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Real Hollywood Heroes

The actors of yester-year loved their country. They had both class and integrity. With the advent of World War II, many actors gave up their wealth, position, and fame to become enlisted men. The woman listed here endured rejection of her contribution for too many years.

Our page lists only a few, but from this group of merely nineteen men and one woman came over 70 medals in honor of their valor and contribution, spanning from Bronze Stars, Silver Stars, Distinguished Service Crosses, Purple Hearts, and one Congressional Medal of Honor.

Perhaps it would be wise to add a statement of source and motivation for this page. Most of the heroes listed, and their descriptions, were sent via an Email years ago. I converted that Email to a web page. Their pictures will be the beveled ones. Any who have been added since will be the flat photos. As viewers send in comments, I have edited the commentary where requested.

As to motivation, one veteran (named Gil) said it better than I ever could in an Email dated April 18, 2013. Here, thankfully, are his words:

It's nice that honoring our service men and women is popular again - it hasn't always been that way. I remember a sad but truthful poem from my Army days that went like this:

God and the soldier we adore
In times of danger, not before.
The danger passed and all is righted,
God is forgotten, the soldier slighted.

Continues Gil: I was in the U.S. Army, stationed in Germany, from 1961 to 1963 and am proud to have served.

Special Note:


Hedy Lamarr (Samson and Delilah, Copper Canyon, Zane Grey Theater), with her co-inventor George Antheil, designed a torpedo guidance system that was two decades before its time. Their concept lies behind the principal anti-jamming device used today in the U.S. government's Milstar defense communication satellite system. Ms. Lamarr also demonstrated her loyalty to the U.S. by raising seven million dollars in a single evening selling war bonds.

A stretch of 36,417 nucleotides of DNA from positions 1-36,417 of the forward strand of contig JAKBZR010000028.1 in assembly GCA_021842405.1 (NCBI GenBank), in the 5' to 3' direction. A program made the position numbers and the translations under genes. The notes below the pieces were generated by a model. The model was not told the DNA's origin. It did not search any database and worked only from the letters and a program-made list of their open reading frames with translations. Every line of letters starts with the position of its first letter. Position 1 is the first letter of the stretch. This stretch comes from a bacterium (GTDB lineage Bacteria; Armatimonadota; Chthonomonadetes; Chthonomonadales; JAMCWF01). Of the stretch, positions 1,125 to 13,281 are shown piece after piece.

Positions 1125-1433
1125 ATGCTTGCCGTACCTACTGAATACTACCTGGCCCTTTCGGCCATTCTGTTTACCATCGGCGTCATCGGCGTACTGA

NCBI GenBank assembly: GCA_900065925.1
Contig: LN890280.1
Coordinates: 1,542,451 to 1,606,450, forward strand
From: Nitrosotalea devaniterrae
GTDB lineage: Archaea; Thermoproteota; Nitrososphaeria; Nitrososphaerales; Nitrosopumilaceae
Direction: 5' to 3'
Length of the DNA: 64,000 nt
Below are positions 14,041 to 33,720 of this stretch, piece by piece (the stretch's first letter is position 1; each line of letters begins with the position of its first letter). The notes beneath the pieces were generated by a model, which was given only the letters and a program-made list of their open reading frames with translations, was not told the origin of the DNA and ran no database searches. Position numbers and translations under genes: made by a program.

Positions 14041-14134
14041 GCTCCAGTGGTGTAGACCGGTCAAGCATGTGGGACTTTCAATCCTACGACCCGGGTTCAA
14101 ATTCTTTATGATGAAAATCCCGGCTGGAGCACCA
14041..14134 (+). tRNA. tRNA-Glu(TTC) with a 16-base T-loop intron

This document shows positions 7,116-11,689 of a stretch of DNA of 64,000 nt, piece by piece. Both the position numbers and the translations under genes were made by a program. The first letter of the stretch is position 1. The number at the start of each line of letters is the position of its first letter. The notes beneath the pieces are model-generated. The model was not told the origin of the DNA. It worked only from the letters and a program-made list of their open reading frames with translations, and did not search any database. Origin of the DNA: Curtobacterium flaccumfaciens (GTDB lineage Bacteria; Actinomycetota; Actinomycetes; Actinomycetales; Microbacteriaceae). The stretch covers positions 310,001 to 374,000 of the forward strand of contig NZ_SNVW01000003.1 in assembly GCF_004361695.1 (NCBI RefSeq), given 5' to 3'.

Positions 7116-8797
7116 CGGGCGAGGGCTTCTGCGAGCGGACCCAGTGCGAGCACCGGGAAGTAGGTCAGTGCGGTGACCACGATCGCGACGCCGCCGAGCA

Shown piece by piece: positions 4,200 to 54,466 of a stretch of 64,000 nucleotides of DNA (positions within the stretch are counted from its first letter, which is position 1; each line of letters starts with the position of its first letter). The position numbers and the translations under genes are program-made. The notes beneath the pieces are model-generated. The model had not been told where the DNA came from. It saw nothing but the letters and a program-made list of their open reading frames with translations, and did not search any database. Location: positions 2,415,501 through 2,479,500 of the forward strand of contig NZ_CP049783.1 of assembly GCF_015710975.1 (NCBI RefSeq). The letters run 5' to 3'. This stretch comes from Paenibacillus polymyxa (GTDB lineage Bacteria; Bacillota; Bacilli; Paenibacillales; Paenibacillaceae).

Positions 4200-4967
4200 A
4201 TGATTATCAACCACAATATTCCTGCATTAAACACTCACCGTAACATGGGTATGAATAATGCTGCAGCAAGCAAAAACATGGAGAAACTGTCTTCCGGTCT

We are using flattened pictures of both Ms. Lamarr and Mr. McMahon (below) as they are additions by this webmaster. The 3-D images for the other actors were garnered through a broadcast Email.


Ed McMahon (Tonight Show, Jerry Lewis Telethon, Star Search) was a fighter pilot Marine in WW II, served in the Korean conflict, and retired as a Colonel. He later became a Brigadier General in the California Air National Guard.


Eddie Albert (Green Acres TV) was awarded a Bronze Star for his heroic action as a U. S. Naval officer aiding Marines at the horrific battle on the island of Tarawa in the Pacific Nov. 1943.


Alec Guinness (Star Wars) operated a British Royal Navy landing craft on D-Day.


James Doohan ("Scotty" on Star Trek) was a member of the Canadian Army. Here is what one Internet biography states: At the age of 19, Doohan joined the Canadian Army and saw action during World War II. He fought on the beach at Normandy on D-Day. While leading a group of soldiers, Doohan was shot several times, injuring him in the leg and chest. The chest wound could have proved fatal had it not been for a cigarette case in his shirt pocket. Doohan also lost one of his fingers. Thank you to all who Emailed, correcting the original paragraph on this tribute.


Donald Pleasance (The Great Escape) really was an R. A. F. pilot who was shot down, held prisoner and tortured by the Germans.


David Niven was a Sandhurst graduate and Lt. Colonel of the British Commandos in Normandy.